August 10: Nepal Rastra Bank (NRB) has decided to implement the policy of merging commercial banks once the adverse situation created by coronavirus pandemic returns back to normal. The central bank is enforcing the merger of commercial banks, especially the ones that have cross holdings. NRB informed that it has started a study for big mergers.
The monetary policy requires merger or acquisition of banks and financial institutions that are promoted by the same person or group; or financial institutions that are directly or indirectly owned or controlled by a single family or a business group.
According to Dr Gunakar Bhatta, executive director of the Banks and Financial Institutions Regulation Department of NRB, the central bank has already collected the data about the ownership and the cross holdings of all financial institutions. He also informed that Nepal Rastra Bank will study the mergers and acquisitions on this basis. Commercial banks have not presented any propositions to the central bank regarding the mergers so far.
“The banks will have to merge anyway. Nepal Rastra Bank wants to reduce the number of private banks,” he told New Business Age, adding, “We are walking towards the direction of a liberal economy, that is why Nepal Rastra Bank is encouraging commercial banks to merge voluntarily instead of being forced into merger.”
It is believed that NRB is pressing for big mergers because a single bank is currently not capable of fully investing in infrastructure projects. NRB Governor Maha Prasad Adhikari said that the monetary policy of the fiscal year 2077/78 encourages mergers between commercial banks for strengthening the financial sector in Nepal. He further explained that the operator and the executives of commercial banks were notified about the mergers as soon as the monetary policy was made public. Governor Adhikari also informed that the commercial banks will be pressured to enter into a merger once the situation risen by coronavirus goes back to normal. He however admitted that the regulations for mergers and acquisitions require some amendment too.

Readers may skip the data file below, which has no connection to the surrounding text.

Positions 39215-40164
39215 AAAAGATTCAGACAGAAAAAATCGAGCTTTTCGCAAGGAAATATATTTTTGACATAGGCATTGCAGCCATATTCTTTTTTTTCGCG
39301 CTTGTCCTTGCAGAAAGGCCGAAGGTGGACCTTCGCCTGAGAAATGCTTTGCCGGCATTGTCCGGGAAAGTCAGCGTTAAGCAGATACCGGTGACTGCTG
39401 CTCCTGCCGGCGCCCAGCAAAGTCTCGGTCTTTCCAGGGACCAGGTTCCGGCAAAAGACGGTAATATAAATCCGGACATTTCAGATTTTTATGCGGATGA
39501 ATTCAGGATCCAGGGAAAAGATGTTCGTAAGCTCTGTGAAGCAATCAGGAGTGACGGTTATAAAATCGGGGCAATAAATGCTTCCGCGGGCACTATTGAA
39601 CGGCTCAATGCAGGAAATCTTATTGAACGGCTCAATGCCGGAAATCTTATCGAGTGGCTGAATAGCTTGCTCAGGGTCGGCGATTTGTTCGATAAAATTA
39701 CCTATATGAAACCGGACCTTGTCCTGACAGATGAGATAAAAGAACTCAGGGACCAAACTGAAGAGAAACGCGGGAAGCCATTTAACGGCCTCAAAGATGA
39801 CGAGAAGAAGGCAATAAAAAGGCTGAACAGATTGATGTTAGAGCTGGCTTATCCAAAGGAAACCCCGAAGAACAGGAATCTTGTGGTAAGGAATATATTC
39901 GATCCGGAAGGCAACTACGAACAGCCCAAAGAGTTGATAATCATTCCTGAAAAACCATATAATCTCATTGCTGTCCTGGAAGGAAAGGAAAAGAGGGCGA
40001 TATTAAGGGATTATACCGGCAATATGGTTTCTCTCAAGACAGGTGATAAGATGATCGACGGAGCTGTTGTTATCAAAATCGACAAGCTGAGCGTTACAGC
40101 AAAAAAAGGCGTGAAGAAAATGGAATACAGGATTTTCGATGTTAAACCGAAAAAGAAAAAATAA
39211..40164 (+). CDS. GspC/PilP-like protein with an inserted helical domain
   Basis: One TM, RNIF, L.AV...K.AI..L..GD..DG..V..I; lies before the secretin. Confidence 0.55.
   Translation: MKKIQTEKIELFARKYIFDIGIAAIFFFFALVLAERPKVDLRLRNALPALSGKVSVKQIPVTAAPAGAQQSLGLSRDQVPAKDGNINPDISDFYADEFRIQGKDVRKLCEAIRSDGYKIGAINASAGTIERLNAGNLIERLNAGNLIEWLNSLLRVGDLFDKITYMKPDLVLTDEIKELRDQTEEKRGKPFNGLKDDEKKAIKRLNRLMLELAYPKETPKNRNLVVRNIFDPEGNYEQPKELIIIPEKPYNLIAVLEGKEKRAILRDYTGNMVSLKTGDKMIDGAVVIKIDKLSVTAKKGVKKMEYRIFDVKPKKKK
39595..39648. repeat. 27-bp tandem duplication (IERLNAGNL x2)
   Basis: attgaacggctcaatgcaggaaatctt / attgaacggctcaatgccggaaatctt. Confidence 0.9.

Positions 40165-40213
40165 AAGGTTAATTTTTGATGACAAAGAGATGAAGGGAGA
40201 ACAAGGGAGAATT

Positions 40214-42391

Banking experts noted that private banks would start merging once the government banks merge first. Nepal Rastra Bank and Nepal Banijya Bank, both government-owned entities, have claimed that they are ready to merge if the government directs them to do so. Bankers believe that Nepal Rastra Bank does not want merger of government-owned banks as the current monetary policy envisages turning the government-owned Agricultural Development Bank Limited into an agricultural hub.
Global IME Bank, which was merged with Janata Bank due the pressure from former NRB Governor Dr Chiranjiwi Nepal, does not face any compulsion for new mergers now. Nepal Rastra Bank said that the rest of the 22 commercial banks are open to opt for a big merger. An emphasis is being given for mergers between a weaker and a stronger bank. Nepal Rastra Bank believes that more problems may arise if mergers happen between weaker banks. Everest Bank and Laxmi Bank had begun the procedure for a merger almost three years ago but the merger did not materialize as both the banks couldn’t reach an agreement even after the Due Diligence Audit (DDA) was completed. Keshav Poudel, the Public Relations Officer of Laxmi Bank, said that while the board has had some unofficial discussions, the bank still hasn’t officially prepared for entering into any merger so far.